Welcome, everybody, to the Public Bill Committee on the Overseas Electors Bill. Please ensure that all electronic devices are switched to silent mode. I am afraid that only water is allowed, not tea or coffee, but Members are welcome to remove their jackets.
Before we begin line-by-line consideration, I remind Members that the required notice period for tabling amendments in Public Bill Committee is three working days. Amendments should therefore be tabled by the rise of the House on Friday for consideration on the following Wednesday.
For those who are relatively new to the process, it may be useful if I give a brief explanation of the arrangements. The selection list for today’s sitting, which is available in the Committee Room and on the Bill website, shows how selected amendments have been grouped for debate, generally on the same or similar issues. The Member who has put their name to the leading amendment in each group will be called first; other Members who wish to speak on any amendment in the group will then be free to catch my eye. A Member may speak more than once in a single debate.
At the end of a debate on a group of amendments, new clauses or schedules, I shall again call the Member who moved the leading amendment or new clause. Before they sit down, they will need to indicate whether they wish to withdraw it or seek a decision on it. If any Member wishes to press to a vote any other amendment, new clause or schedule in the group, they need to let me know.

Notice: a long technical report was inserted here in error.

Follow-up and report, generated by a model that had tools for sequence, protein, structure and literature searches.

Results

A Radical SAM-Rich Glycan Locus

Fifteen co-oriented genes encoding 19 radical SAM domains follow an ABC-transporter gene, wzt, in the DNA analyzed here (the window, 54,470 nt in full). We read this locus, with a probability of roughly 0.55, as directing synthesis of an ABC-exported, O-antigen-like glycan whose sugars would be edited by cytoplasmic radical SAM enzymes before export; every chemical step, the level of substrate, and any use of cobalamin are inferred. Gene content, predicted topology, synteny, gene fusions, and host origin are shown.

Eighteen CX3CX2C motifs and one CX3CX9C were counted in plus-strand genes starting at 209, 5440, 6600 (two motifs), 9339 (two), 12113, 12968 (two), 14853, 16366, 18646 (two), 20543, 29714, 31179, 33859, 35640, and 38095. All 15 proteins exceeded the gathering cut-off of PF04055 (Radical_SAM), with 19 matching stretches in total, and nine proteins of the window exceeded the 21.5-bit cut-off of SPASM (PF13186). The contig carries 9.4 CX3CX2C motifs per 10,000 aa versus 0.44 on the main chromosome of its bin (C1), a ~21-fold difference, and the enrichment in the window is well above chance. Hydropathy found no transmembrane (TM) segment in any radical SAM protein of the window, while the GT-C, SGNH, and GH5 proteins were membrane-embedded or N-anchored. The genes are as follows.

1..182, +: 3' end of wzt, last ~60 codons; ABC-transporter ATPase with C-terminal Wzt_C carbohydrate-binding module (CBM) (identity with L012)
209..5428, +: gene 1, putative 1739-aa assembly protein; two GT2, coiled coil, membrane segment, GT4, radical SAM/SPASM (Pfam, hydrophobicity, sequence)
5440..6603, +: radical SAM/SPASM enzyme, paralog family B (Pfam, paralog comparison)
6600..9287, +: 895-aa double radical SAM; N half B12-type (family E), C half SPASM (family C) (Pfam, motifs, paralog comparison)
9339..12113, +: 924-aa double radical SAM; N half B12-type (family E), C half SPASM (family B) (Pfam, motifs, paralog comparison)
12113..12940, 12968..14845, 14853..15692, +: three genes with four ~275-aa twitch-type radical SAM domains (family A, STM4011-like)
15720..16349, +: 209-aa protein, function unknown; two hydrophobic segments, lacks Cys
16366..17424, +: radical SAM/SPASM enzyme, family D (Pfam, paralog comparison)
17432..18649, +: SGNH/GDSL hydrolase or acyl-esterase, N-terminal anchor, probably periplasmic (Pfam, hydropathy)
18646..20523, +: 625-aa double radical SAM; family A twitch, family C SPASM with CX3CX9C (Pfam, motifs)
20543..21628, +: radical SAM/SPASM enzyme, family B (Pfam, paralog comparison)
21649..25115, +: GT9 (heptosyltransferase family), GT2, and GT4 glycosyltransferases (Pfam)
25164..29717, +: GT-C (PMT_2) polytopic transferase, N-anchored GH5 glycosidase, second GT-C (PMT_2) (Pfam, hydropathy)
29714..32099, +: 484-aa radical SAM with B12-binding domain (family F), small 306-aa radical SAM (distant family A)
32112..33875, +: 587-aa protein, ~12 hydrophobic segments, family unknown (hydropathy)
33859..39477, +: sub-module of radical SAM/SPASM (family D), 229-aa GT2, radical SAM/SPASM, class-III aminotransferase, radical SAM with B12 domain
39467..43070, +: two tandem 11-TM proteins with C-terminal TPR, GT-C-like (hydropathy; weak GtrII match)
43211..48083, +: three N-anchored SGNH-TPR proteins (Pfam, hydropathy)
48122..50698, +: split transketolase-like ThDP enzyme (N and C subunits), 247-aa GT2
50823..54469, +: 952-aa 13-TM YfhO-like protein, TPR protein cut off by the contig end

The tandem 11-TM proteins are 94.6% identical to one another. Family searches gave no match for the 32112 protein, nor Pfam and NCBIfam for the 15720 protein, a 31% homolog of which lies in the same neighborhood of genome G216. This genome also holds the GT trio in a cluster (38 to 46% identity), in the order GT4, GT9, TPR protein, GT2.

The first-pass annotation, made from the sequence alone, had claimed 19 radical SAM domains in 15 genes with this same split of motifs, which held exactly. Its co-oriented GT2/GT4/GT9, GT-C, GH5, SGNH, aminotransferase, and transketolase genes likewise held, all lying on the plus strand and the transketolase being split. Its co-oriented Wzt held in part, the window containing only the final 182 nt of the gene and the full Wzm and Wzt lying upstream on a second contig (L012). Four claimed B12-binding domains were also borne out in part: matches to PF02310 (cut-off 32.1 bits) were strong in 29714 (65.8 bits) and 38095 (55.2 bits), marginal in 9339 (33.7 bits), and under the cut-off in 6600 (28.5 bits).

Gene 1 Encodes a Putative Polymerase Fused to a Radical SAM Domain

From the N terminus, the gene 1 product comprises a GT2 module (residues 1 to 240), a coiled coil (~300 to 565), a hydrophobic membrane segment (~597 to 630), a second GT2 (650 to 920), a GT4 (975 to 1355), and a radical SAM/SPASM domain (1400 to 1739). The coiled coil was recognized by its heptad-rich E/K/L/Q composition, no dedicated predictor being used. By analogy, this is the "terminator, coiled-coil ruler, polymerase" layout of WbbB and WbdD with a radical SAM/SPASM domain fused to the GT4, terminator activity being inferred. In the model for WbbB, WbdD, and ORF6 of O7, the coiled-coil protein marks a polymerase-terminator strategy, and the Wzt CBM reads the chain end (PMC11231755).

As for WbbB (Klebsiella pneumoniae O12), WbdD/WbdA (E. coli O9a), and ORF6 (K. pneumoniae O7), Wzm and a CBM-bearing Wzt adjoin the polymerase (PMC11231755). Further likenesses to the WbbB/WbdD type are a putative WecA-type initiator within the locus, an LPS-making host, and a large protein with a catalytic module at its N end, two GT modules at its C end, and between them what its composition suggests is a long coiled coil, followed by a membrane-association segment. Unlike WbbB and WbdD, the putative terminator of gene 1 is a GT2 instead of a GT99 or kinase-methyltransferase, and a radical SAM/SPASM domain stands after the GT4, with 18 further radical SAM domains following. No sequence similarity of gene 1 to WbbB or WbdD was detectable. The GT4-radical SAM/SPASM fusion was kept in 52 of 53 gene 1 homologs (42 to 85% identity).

Decisions on amendments take place not in the order in which they are debated, but in the order in which they appear on the amendment paper. In other words, debates occur according to the selection and grouping list, but decisions are taken when we come to the clause that the amendment would affect. New clauses and schedules are decided on after we finish consideration of the existing text of the Bill. I shall use my discretion to decide whether to allow separate stand part debates on individual clauses and schedules after debate on the relevant amendments.